September 15, 2007


Note for first time readers: This blog usually covers fairly serious issues during the week. Weekends, however, are reserved for the contributions of various animals in and around Goat Rope Farm.

This weekend, we once again welcome our official film critic, Mr. Sandor Sege (pronounced Shandor SHEGG-ay). We must remind readers that Mr. Sege suffered a head injury when he crashed into a wall whilst chasing a squeaky toy. As a result, he has sometimes been known to transpose the plots of the films he discusses. Nonetheless, we are convinced that his unique insights into the world of cinema more than compensate for this regrettable shortcoming.

It is our deepest hope that such commentaries representing (bio) diverse viewpoints will elevate the level of public discourse and promote a greater appreciation of both the humanities and the animalities.


OK so this movie is about a pig and a spider. The pig is scared of getting eaten and this spider decides to help him out.

The whole movie takes place in this fancy resort in the Rocky Mountains where the spider, the pig and their kids are staying while it's closed. They're like supposed to take care of it during the winter or something.

The thing is, the resort is haunted and there's all kinds of ghosts in there. The pig starts getting really weird so the spider decides to get out.

She runs away and now she looks kind of like a blond. She decides to stay at the Bates Motel. The guy who works there is named Norman and he has some issues with his mother. Doodus says it's a Freudian movie.

I don't know about that but sometimes I kind wish something bad would happen to Doodus so I could have Moomus all to myself. Then I feel guilty about it...

Anyway, right at the time the blond spider woman gets in the shower, this guy Norman comes in but--this is the cool part--she follows this white rabbit who's late for a very important date down a rabbit hole where they drink tea and have an unbirthday party.

The rabbit and the blond spider woman go on this big road trip and drive off the Grand Canyon holding hands.

I think everybody forgot about the pig, which is my main criticism of this movie. The part where they had these jet battles was awesome though.


September 14, 2007


The guiding thread through this week's Goat Rope has been a series of musings on the ideas of determinism and its opposite, which is usually called free will. I prefer indeterminsm.

If this is your first visit, you are fated by eternal laws of causality to click on the earlier posts. Or maybe not.

One characteristic of philosophical debates about issues like this is that it kind of depends on how you look at it.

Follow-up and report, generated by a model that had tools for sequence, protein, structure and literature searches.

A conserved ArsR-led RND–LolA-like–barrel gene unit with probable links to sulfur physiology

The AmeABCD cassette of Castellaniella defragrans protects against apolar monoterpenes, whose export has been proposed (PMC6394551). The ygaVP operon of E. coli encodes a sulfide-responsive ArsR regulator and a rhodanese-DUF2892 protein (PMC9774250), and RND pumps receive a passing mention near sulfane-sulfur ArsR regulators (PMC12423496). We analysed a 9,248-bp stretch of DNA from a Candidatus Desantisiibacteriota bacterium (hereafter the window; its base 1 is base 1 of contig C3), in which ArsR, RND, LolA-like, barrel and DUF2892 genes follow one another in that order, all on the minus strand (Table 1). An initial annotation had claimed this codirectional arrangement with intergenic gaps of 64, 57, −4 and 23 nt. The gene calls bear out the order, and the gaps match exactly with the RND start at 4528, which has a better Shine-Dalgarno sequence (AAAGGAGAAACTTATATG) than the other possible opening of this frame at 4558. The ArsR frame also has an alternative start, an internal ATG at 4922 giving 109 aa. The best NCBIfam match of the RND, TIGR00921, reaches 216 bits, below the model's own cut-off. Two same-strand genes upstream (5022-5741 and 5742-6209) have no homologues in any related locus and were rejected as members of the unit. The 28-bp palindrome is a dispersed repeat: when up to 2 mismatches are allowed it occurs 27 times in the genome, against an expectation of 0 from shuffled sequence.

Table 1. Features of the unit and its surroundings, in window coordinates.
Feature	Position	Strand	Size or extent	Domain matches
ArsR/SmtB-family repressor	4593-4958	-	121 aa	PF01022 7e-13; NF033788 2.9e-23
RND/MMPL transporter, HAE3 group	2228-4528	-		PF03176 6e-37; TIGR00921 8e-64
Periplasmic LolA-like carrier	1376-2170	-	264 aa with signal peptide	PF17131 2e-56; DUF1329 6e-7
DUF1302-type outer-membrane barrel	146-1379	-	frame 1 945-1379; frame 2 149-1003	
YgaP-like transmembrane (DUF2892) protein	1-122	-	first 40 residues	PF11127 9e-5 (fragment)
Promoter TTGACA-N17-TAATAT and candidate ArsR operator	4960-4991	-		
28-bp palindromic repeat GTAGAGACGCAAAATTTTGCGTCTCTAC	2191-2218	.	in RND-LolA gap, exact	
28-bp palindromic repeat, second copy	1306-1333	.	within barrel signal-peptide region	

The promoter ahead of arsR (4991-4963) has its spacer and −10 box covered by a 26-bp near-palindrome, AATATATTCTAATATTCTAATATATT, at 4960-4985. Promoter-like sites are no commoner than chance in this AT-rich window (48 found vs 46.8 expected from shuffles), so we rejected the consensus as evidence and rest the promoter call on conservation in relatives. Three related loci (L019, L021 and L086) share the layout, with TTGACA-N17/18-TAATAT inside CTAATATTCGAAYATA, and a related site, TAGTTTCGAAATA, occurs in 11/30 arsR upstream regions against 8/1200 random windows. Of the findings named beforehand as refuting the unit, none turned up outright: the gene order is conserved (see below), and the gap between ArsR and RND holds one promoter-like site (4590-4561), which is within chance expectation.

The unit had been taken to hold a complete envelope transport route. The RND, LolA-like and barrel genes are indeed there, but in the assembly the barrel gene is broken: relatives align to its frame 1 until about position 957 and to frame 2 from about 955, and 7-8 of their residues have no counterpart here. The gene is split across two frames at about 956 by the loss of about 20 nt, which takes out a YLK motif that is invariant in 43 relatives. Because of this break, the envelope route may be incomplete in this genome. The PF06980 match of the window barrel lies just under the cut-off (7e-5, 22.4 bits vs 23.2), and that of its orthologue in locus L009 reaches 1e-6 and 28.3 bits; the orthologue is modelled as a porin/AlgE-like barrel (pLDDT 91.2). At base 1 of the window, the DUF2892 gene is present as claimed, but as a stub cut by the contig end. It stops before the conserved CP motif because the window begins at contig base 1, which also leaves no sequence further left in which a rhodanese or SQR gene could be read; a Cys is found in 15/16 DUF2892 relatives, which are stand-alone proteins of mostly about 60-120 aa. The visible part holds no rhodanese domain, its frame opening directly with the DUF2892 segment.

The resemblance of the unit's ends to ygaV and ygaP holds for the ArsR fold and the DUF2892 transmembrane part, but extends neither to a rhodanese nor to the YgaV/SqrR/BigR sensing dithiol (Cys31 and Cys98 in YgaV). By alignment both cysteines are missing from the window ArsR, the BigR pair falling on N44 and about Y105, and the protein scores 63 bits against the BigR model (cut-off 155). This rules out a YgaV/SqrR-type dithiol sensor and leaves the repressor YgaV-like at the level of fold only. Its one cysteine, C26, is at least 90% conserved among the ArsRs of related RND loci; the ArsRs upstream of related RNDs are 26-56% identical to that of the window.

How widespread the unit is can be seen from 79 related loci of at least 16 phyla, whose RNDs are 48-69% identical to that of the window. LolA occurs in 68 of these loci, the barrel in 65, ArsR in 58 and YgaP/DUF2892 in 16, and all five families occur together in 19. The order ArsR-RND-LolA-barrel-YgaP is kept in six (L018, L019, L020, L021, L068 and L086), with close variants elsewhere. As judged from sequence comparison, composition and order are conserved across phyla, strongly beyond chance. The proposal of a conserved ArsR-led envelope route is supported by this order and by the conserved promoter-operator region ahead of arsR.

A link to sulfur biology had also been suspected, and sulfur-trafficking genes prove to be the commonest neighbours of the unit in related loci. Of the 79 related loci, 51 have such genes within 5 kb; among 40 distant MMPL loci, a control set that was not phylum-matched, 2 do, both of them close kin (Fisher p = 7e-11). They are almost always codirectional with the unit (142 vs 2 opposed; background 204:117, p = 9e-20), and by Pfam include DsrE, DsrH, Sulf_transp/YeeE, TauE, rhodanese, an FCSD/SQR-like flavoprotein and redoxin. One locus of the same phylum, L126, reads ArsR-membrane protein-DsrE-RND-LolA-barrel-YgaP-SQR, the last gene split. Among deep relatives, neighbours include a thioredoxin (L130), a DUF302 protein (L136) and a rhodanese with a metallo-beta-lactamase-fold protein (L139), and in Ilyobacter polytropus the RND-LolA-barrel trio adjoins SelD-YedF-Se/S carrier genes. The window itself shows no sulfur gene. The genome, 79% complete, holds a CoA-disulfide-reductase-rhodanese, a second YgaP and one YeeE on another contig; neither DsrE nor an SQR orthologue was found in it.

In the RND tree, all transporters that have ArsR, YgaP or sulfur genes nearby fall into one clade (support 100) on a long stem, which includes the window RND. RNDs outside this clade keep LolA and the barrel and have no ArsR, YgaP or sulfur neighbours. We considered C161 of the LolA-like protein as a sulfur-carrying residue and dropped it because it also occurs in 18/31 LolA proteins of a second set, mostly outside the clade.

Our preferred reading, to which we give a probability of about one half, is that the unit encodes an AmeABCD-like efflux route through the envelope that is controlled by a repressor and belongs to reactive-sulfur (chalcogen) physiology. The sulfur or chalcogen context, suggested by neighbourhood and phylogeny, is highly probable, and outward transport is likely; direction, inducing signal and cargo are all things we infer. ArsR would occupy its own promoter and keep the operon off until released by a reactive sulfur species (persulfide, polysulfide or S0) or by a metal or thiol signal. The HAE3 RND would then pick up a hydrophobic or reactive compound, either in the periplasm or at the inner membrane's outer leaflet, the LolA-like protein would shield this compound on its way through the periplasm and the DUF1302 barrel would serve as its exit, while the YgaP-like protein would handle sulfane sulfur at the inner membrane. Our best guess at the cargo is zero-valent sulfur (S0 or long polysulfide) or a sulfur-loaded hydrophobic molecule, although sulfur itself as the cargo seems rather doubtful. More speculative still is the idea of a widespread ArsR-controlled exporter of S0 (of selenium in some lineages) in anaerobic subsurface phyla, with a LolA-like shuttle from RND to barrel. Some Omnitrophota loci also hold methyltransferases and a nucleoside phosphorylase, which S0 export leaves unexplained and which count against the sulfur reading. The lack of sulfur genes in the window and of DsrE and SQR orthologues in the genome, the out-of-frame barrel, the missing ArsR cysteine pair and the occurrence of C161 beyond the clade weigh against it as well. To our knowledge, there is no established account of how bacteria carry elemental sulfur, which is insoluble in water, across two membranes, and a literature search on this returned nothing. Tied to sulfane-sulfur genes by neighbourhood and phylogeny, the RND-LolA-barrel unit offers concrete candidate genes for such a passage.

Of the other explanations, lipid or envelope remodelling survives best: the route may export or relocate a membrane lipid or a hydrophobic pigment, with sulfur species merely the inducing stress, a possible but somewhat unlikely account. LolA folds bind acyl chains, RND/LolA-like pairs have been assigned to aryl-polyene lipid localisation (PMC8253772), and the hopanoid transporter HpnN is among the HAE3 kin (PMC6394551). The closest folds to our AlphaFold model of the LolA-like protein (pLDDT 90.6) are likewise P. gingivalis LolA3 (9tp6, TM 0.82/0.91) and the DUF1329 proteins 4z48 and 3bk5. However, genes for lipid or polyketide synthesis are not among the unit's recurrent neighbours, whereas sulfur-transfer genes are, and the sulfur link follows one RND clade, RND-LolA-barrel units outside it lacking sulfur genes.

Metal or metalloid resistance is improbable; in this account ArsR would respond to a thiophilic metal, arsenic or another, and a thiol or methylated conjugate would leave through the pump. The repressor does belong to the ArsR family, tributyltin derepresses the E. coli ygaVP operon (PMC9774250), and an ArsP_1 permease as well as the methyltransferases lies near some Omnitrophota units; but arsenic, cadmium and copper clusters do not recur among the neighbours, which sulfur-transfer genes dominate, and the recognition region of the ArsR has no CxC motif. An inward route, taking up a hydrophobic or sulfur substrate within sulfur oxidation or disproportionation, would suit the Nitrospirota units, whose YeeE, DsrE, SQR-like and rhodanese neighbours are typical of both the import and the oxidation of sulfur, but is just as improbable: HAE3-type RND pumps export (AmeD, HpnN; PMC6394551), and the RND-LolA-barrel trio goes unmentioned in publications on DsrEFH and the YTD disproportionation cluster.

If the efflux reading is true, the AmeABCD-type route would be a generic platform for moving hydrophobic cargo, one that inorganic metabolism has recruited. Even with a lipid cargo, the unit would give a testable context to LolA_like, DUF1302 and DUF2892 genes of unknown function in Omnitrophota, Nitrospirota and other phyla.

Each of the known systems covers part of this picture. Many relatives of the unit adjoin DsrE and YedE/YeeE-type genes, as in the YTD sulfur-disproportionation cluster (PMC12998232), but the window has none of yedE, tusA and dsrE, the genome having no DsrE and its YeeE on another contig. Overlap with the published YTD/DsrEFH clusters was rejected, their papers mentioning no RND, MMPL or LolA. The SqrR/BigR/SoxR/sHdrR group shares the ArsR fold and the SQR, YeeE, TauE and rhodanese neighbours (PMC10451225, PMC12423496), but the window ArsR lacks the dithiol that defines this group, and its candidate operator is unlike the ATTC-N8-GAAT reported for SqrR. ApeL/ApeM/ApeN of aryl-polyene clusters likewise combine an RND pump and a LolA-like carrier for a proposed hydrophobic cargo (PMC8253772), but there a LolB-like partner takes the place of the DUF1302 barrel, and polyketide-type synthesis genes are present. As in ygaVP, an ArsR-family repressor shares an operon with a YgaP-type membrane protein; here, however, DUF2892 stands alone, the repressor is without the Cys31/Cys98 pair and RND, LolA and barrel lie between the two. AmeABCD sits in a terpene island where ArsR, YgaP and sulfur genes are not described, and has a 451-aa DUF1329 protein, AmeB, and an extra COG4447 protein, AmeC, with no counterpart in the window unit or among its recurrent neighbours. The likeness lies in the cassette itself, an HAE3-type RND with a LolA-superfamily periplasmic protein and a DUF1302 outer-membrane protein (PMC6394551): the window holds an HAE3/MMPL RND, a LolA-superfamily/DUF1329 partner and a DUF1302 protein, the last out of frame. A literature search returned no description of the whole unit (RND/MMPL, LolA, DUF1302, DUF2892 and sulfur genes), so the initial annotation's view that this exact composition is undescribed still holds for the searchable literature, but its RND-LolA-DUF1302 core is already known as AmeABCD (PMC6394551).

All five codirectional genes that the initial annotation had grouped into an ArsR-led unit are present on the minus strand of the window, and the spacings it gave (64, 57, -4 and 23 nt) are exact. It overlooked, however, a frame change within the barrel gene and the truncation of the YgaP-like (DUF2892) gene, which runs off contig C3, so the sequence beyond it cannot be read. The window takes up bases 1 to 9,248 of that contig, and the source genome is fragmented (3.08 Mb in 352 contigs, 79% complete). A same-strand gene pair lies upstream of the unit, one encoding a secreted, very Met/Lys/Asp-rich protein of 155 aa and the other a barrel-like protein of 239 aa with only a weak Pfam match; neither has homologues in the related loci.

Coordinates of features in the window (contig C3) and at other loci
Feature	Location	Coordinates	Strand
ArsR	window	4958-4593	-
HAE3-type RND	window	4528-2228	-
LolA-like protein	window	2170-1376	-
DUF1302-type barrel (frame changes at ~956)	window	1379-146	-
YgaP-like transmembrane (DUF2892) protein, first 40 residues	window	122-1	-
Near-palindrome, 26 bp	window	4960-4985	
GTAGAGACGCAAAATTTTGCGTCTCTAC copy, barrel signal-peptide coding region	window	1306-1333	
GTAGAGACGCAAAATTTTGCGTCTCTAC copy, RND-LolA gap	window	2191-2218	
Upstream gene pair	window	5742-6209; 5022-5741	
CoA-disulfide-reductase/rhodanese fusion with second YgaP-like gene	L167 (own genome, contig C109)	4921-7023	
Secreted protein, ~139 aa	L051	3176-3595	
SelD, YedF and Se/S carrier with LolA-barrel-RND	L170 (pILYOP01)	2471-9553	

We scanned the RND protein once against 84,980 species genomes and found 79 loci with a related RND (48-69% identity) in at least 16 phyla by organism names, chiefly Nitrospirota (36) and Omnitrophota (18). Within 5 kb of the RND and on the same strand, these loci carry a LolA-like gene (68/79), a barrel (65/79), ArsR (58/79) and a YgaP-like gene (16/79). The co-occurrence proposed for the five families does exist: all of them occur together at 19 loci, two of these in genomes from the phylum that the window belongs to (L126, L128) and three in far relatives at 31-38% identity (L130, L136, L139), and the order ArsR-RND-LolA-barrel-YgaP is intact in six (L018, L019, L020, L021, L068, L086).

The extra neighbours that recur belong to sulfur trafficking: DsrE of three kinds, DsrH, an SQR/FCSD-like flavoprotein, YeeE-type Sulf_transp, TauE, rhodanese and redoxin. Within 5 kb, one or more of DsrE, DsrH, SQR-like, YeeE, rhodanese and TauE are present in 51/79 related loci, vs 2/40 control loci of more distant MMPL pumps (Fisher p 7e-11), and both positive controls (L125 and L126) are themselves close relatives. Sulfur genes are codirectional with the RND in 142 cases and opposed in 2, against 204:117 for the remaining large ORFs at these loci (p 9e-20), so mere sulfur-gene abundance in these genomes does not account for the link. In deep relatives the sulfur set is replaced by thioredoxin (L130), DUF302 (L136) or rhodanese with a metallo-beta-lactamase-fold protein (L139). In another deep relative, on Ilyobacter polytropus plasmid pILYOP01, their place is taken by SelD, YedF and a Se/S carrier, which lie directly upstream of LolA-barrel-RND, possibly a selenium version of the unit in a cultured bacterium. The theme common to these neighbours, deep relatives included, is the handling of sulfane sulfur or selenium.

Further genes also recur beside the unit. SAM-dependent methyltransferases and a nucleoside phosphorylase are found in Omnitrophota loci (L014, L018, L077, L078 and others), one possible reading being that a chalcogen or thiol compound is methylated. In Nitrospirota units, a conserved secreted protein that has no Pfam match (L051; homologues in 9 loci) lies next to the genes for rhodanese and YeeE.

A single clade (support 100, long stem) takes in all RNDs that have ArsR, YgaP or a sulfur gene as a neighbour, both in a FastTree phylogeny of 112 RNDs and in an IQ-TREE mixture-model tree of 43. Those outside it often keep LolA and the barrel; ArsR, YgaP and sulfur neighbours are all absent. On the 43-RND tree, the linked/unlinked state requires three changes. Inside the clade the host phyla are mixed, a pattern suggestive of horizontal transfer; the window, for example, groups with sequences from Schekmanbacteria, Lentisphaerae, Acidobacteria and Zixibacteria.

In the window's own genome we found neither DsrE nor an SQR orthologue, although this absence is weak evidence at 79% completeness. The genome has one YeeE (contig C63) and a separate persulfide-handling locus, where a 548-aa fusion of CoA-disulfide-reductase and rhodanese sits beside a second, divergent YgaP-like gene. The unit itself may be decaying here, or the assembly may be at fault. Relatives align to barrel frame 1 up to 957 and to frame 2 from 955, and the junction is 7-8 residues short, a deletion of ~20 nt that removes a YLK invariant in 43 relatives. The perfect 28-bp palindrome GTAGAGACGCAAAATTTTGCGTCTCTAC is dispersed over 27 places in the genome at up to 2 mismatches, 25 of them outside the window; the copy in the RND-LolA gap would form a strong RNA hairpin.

The late great American philosopher William James recounted the story of one such debate in his Pragmatism:

SOME YEARS AGO, being with a camping party in the mountains, I returned from a solitary ramble to find every one engaged in a ferocious metaphysical dispute. The corpus of the dispute was a squirrel - a live squirrel supposed to be clinging to one side of a tree-trunk; while over against the tree's opposite side a human being was imagined to stand. This human witness tries to get sight of the squirrel by moving rapidly round the tree, but no matter how fast he goes, the squirrel moves as fast in the opposite direction, and always keeps the tree between himself and the man, so that never a glimpse of him is caught. The resultant metaphysical problem now is this: Does the man go round the squirrel or not? He goes round the tree, sure enough, and the squirrel is on the tree; but does he go round the squirrel?

James was asked to settle the dispute, which he did as follows:

“Which party is right,” I said, “depends on what you practically mean by ‘going round’ the squirrel. If you mean passing from the north of him to the east, then to the south, then to the west, and then to the north of him again, obviously the man does go round him, for he occupies these successive positions. But if on the contrary you mean being first in front of him, then on the right of him, then behind him, then on his left, and finally in front again, it is quite as obvious that the man fails to go round him, for by the compensating movements the squirrel makes, he keeps his belly turned towards the man all the time, and his back turned away. Make the distinction, and there is no occasion for any farther dispute. You are both right and both wrong according as you conceive the verb ‘to go round’ in one practical fashion or the other.”

There was method to his madness:

I tell this trivial anecdote because it is a peculiarly simple example of what I wish now to speak of as the pragmatic method. The pragmatic method is primarily a method of settling metaphysical disputes that otherwise might be interminable. Is the world one or many? – fated or free? – material or spiritual? – here are notions either of which may or may not hold good of the world; and disputes over such notions are unending. The pragmatic method in such cases is to try to interpret each notion by tracing its respective practical consequences. What difference would it practically make to any one if this notion rather than that notion were true? If no practical difference whatever can be traced, then the alternatives mean practically the same thing, and all dispute is idle. Whenever a dispute is serious, we ought to be able to show some practical difference that must follow from one side or the other’s being right.

According to James, pragmatically speaking, accepting the idea of free will means "novelties in the world, the right to expect that in its deepest elements as well as in its surface phenomena, the future may not identically repeat and imitate the past." It means that improvements are at least possible. In James' words, it is a "theory of promise."

The other option is in effect to reduce humans to the status of objects that bounce off the walls of the universe with the predictability of billiard balls. I'm not convinced people are that kind of objects.

Come to think of it, I'm not even sure objects are that kind of objects...

THE LATEST ON THE MEGAN WILLIAMS CASE. Here are three items from the Gazette. At a meeting in Logan last night convened by AFSC attended by around 35 people, participants pledged to hold local law enforcement and prosecutors accountable, express support for the victim and her family, and work to bring the community together to respond in a positive way.